N.B The Bat Cave is my classroom, so called because there is no electric light and on gray days I have to find the students by echolocation.
Yesterday (Sunday) I came home bone exhausted. I walked all the way downtown from my suburb, which took me over two hours, with random people starting conversations with me and bulls and goats walking across my path. But the happy result was that I now knew my neighbourhood as well as the locals did. I went down to the Central Market and bought toothpaste and a huge sack of oranges, trying not to trip over the bright piles of bananas and pineapples, elbowing my way past the thousands of people buying things, selling things, haggling and hissing “mzungu!” at me and the one other foreigner who I noticed, trying loudly to get me to buy cloth for a boubou (a long, loud African gown) or a huge, overpriced pile of stinking, silver-gray fish. A friend of Antoine’s stopped me over by the bookstore (I was finally able to practice the Burundian custom of high-fiving one’s acquaintances in the street) and told me to check out the East African Products Exhibition, so I poked my head in the exhibition hall and, along with a few dozen wealthier Burundians, looked at the rows of sandals carved chairs, boubous and incongruous plastic vegetable cutters. I went to Greg’s favourite café to buy an iced tea, and then I kind of went into culture shock. The café in question is an aspiring Starbucks, and the only place in Burundi where you’ll find posters in English advertising yoga and modern dance classes. There’s another, more established cybercafé nearby as well as a large international bank (where I found out, to my joy, that my Canadian bank card worked) and a Forex.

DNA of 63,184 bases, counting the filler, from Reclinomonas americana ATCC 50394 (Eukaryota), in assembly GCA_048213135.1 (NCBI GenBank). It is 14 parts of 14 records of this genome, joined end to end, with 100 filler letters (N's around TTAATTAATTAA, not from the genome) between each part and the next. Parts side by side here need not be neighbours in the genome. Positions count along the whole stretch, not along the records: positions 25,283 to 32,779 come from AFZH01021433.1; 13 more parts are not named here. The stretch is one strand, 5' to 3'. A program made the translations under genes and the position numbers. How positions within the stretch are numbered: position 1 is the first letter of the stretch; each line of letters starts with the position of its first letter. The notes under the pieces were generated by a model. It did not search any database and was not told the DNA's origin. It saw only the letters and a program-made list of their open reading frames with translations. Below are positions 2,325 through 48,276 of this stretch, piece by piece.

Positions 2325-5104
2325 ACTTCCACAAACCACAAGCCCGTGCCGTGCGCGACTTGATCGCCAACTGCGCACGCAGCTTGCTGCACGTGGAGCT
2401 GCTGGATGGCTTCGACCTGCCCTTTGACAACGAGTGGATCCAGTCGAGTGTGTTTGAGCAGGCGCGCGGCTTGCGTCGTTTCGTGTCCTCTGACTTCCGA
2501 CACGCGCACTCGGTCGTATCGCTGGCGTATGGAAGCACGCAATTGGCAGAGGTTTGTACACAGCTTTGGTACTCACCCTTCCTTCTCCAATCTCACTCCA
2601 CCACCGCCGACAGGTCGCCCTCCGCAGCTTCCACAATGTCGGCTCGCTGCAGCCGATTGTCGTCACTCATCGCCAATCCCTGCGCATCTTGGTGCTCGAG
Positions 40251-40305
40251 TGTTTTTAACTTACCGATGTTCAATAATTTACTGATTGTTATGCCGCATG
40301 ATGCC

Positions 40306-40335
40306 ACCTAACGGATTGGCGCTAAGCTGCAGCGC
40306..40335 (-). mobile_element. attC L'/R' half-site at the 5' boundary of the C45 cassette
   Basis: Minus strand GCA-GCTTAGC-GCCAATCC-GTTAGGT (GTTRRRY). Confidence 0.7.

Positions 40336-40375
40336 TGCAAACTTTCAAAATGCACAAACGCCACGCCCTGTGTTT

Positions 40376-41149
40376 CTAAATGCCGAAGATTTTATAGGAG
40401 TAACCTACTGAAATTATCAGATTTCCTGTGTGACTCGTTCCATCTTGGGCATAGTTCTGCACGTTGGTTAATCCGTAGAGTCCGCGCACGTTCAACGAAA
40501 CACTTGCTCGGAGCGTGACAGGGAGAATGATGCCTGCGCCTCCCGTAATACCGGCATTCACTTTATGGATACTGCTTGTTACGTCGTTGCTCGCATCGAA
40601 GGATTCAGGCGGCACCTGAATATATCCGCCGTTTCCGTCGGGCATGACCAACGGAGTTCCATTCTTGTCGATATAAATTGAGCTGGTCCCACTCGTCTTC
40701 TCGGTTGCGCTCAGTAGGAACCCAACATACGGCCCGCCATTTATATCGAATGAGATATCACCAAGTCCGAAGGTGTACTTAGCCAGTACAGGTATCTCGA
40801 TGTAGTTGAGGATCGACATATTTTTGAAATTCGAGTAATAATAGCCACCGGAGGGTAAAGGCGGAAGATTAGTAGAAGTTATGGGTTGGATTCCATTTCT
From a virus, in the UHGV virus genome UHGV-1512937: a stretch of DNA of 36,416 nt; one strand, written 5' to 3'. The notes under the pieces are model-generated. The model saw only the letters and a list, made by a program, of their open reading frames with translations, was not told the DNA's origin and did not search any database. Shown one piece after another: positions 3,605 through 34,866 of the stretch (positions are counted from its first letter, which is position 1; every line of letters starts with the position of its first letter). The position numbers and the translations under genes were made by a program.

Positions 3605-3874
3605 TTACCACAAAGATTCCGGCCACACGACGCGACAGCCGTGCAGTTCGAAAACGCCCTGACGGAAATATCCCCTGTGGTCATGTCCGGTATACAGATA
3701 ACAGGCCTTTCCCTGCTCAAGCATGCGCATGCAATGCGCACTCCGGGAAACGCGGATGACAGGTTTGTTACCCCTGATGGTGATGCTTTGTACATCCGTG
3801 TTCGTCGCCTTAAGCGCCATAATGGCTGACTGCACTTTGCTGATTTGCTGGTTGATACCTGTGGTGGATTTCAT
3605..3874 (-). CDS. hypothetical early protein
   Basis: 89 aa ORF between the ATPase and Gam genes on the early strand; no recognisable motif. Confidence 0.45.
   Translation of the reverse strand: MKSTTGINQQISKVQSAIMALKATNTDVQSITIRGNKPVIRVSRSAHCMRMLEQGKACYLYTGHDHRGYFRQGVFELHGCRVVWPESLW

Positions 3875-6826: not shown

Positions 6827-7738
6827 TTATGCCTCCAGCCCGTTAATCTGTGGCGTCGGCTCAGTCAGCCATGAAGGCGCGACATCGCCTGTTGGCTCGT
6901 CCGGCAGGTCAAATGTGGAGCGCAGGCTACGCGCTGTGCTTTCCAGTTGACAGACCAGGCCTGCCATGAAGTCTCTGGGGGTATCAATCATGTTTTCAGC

The beggars weren’t stupid. They were there too, with their tiny beggar children. I don’t give them money– old habit from the Western world where everyone assumes beggars drink up all the money they are given–but when I have the chance I always give them food. I gave three of the kids oranges, and they went skipping triumphantly back to their mothers. In two seconds I was surrounded by men, women and children who were ripping my oranges from my hands and then from each other’s hands. It was truly scary, especially to watch two women older than me fight over an orange that I’d been trying to hand to a toddler. It reminded me of the time I had accidentally spilled a bag of bird seed all over my feet at Hyde Park in London. Only now instead of pigeons, these were people, fellow humans.
I mentioned this to Greg later. “Yeah, the prostitutes who hang out over there at night would spend two days with me for 1000 francs (about 80 cents)).” he said. “It’s really sad the way some people here live.”